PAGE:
Jane, Cambridge asked:
Having just discovered that when bees are attacked by something like a hornet they can form a 'bee ball' around it and boil it to death with all the heat generated in this ball, I was wondering whether it is theoretically possible that they could do the same to a human? Given unlimited bees I suppose. I wonder how many you'd need...
We posed this question to Jürgen Tautz, from the University of Würzburg...
Jürgen - So heat from a honeybee is produced by its strongest machine which is the wing muscles used for flight activity usually. So the bees can mechanically decouple their wings and let their flight muscles run full power and this way, a lot of heat is being produced which gets to about 65 millijoule if one takes their energy. The energy for producing this heat is taken from the honey. So the honey which the bees are producing from the nectar, they collect from flowers, this is the stored energy they have to eat first and then transform it into heat.
Diana - And how many bees would have to feast on honey before decupling their wings?
Jürgen - The calculation can go like this: If you assume that a human consists of about 50 litres of pure water, which is close to realistic; and that a human dies at 42 centigrade, which means a human has to be heated up from 36 to 42 centigrade. We need - to heat up 1 gram of water, so one millilitre of water, for 1 degree Celsius - we need 35 joules which means to heat up a human by 6 centigrade, we need 1.5 million joule. If on the other hand, we take the heat which can be produced by a honeybee which is 65 millijoule, it’s very easy now to calculate how many bees we need to heat a human to this extent, which is roughly about 20 million honeybees, which comes close to about 1,000 midsize bee colonies. So not much, space on the surface of a human, to give access to all these bees.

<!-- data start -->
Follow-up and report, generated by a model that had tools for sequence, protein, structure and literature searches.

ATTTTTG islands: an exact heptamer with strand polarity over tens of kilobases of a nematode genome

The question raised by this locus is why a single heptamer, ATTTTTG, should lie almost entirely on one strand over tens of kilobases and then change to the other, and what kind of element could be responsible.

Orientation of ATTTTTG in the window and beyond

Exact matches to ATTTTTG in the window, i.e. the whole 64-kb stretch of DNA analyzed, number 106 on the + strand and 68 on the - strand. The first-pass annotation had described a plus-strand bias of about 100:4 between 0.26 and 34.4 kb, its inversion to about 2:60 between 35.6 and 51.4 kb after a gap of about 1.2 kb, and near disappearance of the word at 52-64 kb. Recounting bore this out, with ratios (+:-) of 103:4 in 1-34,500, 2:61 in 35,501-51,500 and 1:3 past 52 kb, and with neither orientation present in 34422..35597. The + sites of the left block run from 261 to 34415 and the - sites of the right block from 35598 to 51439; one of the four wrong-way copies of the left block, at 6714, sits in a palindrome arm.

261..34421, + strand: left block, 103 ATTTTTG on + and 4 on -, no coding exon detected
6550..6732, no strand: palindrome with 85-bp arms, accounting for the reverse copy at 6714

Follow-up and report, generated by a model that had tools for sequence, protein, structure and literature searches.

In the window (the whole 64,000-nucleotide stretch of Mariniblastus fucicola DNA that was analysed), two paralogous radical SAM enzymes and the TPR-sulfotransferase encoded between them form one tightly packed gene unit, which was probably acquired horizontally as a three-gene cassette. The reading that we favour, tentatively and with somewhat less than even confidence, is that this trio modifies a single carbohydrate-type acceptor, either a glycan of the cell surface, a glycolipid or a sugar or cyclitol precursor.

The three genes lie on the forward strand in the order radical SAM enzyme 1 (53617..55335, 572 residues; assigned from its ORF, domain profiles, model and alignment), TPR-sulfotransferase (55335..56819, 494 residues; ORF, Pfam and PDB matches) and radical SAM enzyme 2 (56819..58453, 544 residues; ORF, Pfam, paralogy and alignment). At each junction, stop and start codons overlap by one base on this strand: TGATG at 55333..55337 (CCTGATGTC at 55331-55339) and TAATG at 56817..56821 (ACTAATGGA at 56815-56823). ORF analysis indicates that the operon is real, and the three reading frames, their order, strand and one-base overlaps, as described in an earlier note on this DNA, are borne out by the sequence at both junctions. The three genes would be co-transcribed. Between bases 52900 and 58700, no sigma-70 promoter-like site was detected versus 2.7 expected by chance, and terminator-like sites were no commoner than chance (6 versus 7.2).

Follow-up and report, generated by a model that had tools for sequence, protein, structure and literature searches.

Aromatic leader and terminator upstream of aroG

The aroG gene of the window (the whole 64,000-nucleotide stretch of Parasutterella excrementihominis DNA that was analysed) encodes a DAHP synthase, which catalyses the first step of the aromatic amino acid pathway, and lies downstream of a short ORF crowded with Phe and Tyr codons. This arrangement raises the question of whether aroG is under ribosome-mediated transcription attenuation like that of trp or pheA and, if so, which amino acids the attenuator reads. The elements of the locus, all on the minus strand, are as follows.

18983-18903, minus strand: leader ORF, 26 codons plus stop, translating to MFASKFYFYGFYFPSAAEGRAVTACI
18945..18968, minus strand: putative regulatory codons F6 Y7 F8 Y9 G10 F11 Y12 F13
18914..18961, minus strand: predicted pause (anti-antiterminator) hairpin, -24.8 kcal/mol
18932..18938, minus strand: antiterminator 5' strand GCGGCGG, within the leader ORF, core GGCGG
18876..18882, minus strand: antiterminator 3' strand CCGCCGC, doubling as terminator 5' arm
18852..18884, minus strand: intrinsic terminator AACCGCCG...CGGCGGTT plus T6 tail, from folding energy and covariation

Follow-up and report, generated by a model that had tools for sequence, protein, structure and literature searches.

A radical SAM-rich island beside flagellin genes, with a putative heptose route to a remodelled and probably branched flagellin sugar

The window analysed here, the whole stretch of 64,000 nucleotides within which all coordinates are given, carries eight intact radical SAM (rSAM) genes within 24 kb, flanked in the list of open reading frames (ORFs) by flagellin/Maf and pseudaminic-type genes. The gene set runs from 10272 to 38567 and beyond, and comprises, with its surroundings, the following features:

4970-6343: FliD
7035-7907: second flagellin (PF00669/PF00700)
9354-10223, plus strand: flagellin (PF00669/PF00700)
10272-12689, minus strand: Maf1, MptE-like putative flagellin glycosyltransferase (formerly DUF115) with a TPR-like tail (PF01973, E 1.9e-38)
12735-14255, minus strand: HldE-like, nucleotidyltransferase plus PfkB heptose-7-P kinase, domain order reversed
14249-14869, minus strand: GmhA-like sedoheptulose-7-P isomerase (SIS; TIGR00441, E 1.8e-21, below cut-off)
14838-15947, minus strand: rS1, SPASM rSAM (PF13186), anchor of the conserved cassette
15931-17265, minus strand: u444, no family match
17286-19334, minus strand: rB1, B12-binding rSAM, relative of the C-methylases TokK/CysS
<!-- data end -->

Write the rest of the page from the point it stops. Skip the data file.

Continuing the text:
Diana - That’s right. It’s 20 million bees or 1,000 colonies to essentially cook a human. And to heat a person up to 100 degrees, roughly the boiling point of water, you'd need about 250 million bees. That’s 12 ½ thousand colonies or about a 6th of all the hives currently registered in the UK. But you'd only need to feed them 160 million joules worth of honey, which you'd find in about 50 jars of the stuff, and that honey would cost you about 150 quid, which isn’t so bad!
How much heat does a single bee generate? How much heat per pound (or stone) would it take to boil a human? Unless I'm missing something I think it could be calculated if we knew these numbers.
Donnah, this behavior in bees in most commonly used to maintain hive temperature in cold weather. SteveFish, Thu, 18th Nov 2010
We are planning to build a hive near the house with hopes of attracting a wild colony. It's not for the honey; we had very few bees this summer and we want to help boost their numbers.
Donnah, I think you will have to capture a wild hive that is swarming or just buy a queen and some workers. When swarming, bees find all kinds of places acceptable (e.g. hollow logs, house attics) and the chance that they might find a beekeepers hive is very small. You probably have a group of folks in your area who are bee enthusiasts that would help you. Steve SteveFish, Sat, 20th Nov 2010
Good advice, SteveFish, thanks. We saw a V-shaped hive in Mother Earth News we'd like to build and there's attractants you can put on it. We'll continue to round out our knowledge.